<p>ON APRIL 8, 1976, my father drove to Lambert Airport in St. Louis, parked his car in the long-term lot, and bought a one-way ticket to Boston, where he took a cab to Cambridge, checked into the Holiday Inn a couple blocks from Harvard Square, and quietly committed suicide.</p>
<p><strong>For years</strong> people have asked if I mind being remembered as Princess Leia. I used to say no. But now I will say that it sometimes bothers me, yes. It follows me around like a little smell.<br></p>
I'm pure with myself, man. I don’t bullshit Ike. I bite the bullet. I don’t lie to me. You can feel when people are yessin’ you. You can feel the real. I always showed them what to do. I can go and record any girl you bring in here right now and you would swear to God she’s coppin’ off Tina—because there is no Tina.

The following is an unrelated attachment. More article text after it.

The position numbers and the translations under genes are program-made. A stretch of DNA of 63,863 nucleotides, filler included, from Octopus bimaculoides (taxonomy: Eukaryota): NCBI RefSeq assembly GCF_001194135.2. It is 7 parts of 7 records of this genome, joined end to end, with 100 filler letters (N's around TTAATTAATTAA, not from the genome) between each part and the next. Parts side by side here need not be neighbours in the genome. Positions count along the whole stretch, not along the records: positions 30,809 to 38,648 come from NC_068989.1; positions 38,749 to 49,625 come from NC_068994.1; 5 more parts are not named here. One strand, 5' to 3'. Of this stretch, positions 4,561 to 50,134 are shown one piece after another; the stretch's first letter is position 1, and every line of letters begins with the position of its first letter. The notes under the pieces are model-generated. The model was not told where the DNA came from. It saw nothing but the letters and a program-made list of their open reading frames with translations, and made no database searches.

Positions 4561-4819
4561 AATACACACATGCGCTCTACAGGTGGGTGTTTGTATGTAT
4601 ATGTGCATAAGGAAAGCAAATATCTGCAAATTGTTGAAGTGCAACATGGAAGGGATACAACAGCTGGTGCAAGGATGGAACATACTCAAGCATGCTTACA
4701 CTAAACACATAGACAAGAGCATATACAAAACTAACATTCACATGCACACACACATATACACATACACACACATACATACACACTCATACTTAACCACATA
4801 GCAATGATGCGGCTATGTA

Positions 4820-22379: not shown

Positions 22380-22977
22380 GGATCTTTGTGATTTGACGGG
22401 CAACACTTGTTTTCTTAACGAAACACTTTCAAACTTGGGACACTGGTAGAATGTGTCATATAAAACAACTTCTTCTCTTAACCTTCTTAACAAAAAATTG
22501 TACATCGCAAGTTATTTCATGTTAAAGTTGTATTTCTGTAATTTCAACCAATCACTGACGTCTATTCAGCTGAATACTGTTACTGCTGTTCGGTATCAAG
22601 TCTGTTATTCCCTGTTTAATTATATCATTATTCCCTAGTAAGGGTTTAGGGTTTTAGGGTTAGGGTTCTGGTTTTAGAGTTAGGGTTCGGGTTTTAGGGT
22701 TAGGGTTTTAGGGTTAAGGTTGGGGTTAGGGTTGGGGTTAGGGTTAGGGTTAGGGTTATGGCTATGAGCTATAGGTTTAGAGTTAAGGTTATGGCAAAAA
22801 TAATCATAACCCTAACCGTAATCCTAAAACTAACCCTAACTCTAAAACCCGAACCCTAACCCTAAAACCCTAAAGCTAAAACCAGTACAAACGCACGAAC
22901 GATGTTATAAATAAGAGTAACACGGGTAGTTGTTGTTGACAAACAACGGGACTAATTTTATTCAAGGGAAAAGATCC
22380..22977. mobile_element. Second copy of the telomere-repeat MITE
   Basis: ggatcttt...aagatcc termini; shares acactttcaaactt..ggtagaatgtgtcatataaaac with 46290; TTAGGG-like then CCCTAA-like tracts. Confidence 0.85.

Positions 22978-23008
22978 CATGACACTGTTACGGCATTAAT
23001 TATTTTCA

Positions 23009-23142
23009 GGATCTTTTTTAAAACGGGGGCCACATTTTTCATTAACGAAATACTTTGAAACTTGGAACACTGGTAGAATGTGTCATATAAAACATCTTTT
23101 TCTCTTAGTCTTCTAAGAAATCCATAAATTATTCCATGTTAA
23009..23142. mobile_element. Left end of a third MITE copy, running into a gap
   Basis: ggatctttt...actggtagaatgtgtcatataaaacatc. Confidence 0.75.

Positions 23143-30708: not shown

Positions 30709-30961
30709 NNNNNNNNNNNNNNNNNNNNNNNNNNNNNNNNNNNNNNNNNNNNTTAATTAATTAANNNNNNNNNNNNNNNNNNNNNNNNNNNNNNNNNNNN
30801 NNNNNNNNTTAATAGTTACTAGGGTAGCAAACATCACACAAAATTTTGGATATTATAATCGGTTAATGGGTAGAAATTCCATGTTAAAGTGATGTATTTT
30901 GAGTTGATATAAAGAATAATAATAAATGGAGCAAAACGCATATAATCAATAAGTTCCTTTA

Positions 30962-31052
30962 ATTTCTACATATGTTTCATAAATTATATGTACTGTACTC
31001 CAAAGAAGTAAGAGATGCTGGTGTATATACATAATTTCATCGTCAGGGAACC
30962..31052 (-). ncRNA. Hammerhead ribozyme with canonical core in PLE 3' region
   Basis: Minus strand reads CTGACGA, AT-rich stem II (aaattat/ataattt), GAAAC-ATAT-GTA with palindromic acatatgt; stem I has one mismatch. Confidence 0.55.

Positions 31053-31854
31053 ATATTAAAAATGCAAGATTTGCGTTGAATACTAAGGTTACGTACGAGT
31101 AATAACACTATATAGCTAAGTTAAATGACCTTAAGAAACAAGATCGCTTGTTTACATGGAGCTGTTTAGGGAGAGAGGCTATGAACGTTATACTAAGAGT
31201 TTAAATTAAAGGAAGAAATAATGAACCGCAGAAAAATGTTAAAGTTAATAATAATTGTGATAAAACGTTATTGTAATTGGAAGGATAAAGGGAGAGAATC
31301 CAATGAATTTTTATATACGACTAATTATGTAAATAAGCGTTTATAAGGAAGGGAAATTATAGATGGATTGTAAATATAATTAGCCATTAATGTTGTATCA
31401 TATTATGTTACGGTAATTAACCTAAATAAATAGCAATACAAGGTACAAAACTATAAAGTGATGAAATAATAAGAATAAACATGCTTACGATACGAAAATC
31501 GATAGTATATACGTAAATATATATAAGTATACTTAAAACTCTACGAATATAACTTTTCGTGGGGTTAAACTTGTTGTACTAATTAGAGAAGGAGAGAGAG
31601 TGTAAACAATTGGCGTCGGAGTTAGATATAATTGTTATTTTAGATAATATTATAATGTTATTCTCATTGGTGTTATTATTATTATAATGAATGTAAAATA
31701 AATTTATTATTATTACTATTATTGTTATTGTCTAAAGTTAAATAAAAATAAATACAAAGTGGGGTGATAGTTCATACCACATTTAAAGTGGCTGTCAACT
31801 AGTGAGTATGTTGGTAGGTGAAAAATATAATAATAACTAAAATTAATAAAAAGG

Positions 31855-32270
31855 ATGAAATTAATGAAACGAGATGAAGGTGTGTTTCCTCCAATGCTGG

I'm proud to be called the father of the H-bomb. It was necessary. If not for me, the H-bomb would have been developed in Russia first. In the U. S., we would now be speaking Russian. That I spent my I ife working on weapons, I have not the least regret.